Just to clarify, I live and invest in Va. Beach, Va. now. Just down the “right coast” from you. I would never move to the west coast on purpose. I did live in San Diego on military orders only for a couple of years and then promptly moved back.
Every now and again something comes up that throws you for a loop. Here is mine. I own a condo in Virginia Beach, VA. I am trying to sell it with a realtor at reduced commission. I found a full price buyer and the property was under contract. She cannot get an FHA loan on the property due to the fact that there are too many rentals in the condo complex where the property is located. Has anyone heard of this? Any insight would be much appreciated. How would you sell it? Owner financing perhaps? Thanks again
Yes, unfortunately that will be a common experience in many condo complexes. If your buyer is limiting her financing to FHA or FNMA conforming loans, the owner occupant ratio may not qualify for financing.
I own several condos in a complex that is about 50% owner occupied. I have no problem getting a non-conforming loan for my purchases. Even national lenders such as Countrywide offer non-conforming loan products. Banks that sell all their loans might limit themselves to only conforming loans.
Is what is indicated by Assn’s that have fewer than 25% rentals. Many are limited to that by their by-laws, and the one’s who aren’t have a track record of higher rate of default, lower appreciation… and even devaluation, and overal all instability. Obviously, from a lenders point of view, all these factors can and will impact the security of the mtg. Hence, the problem you are facing.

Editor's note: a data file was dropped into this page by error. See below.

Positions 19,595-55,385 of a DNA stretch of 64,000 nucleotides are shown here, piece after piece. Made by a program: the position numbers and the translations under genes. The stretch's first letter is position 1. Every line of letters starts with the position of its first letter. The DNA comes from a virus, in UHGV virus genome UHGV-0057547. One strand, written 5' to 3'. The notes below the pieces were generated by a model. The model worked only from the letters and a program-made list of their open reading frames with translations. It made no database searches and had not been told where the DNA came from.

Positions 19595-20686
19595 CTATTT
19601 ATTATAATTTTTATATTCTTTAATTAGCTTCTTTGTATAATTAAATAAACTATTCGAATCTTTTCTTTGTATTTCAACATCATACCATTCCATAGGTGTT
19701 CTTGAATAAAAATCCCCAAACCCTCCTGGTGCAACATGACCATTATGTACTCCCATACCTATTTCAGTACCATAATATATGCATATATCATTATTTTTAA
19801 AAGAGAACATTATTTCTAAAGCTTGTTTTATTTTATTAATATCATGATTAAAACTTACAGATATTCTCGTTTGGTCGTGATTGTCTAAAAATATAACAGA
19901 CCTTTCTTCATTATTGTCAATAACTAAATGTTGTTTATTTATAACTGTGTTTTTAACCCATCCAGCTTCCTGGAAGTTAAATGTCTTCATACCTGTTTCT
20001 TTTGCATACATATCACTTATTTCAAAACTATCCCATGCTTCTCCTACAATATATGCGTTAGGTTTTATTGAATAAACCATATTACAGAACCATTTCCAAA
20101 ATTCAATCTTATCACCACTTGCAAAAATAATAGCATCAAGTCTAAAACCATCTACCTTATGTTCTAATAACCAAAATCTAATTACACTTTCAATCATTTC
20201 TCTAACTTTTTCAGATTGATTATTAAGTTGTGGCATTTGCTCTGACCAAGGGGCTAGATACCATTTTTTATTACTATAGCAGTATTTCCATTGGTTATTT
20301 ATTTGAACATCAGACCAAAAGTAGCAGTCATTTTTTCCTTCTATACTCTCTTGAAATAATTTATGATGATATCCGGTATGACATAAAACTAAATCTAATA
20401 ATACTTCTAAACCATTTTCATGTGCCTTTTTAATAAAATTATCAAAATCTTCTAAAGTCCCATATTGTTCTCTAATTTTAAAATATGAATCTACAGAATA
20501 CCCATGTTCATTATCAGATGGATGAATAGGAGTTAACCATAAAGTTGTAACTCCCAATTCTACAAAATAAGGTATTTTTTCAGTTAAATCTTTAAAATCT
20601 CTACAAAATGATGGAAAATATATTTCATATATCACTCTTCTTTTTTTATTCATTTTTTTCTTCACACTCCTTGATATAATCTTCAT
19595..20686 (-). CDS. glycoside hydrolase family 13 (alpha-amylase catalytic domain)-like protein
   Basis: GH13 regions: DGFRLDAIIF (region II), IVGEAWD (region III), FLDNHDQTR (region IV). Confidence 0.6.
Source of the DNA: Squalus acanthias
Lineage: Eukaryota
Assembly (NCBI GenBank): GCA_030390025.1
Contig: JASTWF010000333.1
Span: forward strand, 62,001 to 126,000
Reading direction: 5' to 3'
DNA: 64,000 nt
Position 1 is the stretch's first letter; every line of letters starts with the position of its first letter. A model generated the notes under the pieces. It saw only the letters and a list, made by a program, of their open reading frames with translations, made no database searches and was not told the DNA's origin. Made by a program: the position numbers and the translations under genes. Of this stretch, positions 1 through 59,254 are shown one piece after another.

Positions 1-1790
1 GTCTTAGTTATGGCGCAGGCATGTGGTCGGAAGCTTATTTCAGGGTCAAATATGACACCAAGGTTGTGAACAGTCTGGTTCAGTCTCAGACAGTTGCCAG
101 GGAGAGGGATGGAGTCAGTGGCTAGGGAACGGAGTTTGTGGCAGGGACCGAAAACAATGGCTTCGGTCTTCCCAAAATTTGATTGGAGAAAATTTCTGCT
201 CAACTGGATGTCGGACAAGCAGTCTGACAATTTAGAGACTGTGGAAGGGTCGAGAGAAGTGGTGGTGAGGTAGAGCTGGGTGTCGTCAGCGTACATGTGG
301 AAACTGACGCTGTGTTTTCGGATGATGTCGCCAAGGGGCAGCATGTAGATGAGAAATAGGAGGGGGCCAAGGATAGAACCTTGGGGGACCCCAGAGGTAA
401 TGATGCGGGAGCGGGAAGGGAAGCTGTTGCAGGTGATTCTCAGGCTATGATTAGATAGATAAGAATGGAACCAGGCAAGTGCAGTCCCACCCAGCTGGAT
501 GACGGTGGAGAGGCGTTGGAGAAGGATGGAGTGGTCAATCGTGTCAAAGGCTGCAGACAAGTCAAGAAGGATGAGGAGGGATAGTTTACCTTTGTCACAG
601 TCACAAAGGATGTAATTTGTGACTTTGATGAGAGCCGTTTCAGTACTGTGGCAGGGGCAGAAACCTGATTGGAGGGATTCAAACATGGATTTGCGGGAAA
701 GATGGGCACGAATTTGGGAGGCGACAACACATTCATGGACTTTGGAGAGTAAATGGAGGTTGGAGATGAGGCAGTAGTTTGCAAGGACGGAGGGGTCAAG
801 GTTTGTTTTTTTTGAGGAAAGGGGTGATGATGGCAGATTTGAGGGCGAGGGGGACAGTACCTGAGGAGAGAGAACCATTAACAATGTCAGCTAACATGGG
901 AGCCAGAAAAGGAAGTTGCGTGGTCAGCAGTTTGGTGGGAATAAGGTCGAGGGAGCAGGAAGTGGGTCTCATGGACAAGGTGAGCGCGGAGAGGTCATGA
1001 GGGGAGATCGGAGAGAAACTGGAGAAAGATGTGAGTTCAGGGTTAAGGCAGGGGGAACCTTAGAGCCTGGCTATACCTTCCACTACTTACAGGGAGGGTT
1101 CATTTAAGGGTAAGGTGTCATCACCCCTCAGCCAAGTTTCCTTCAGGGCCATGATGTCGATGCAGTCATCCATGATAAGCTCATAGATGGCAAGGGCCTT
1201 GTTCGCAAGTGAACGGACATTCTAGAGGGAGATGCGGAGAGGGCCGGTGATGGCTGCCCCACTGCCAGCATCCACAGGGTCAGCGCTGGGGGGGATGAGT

Many times in order to sell a unit in a condo assn. that doesn’t fit the FHA lender profile, owner financing is the avenue.
Many lenders have guidelines they follow, including owner occupancy minimums in condos (70%,75% or more). FHA is usually the most strict. Why is she going FHA? Is it possible for her to get a conventional mortgage, or maybe from a portfolio lender who has the lowest guideline parameters?
I was born in VA. So said my parents and says my birth certificate. Haven’t been back for over 20 years.
I’d suggest that you look in at the assessor’s roll and see who bought properties in the complex most recently. Then look in the land records office and see if they got loans when the bought. If so, those are the lenders to contact first, I’d suggest.
Unless you are do owner-financing as a regular strategy, I’d suggest not to do it. Make it a last resort. Money is nicer than mortgages. Suppose we could make a muscial number out of that phrase? With dancing $100 bills?
Good Investing****************Ron Starr**************
Thanks as always for your advice. I was not born in Va although both of my children were. I am a transplant from Connecticut. I am active duty military right now as well as part time investing. I have checked the land records as you have suggested since they are online in this city. I will have to go to the courthouse since I can’t view the actual deed of trust of someone who got financing recently from the website. Thanks again for the advice.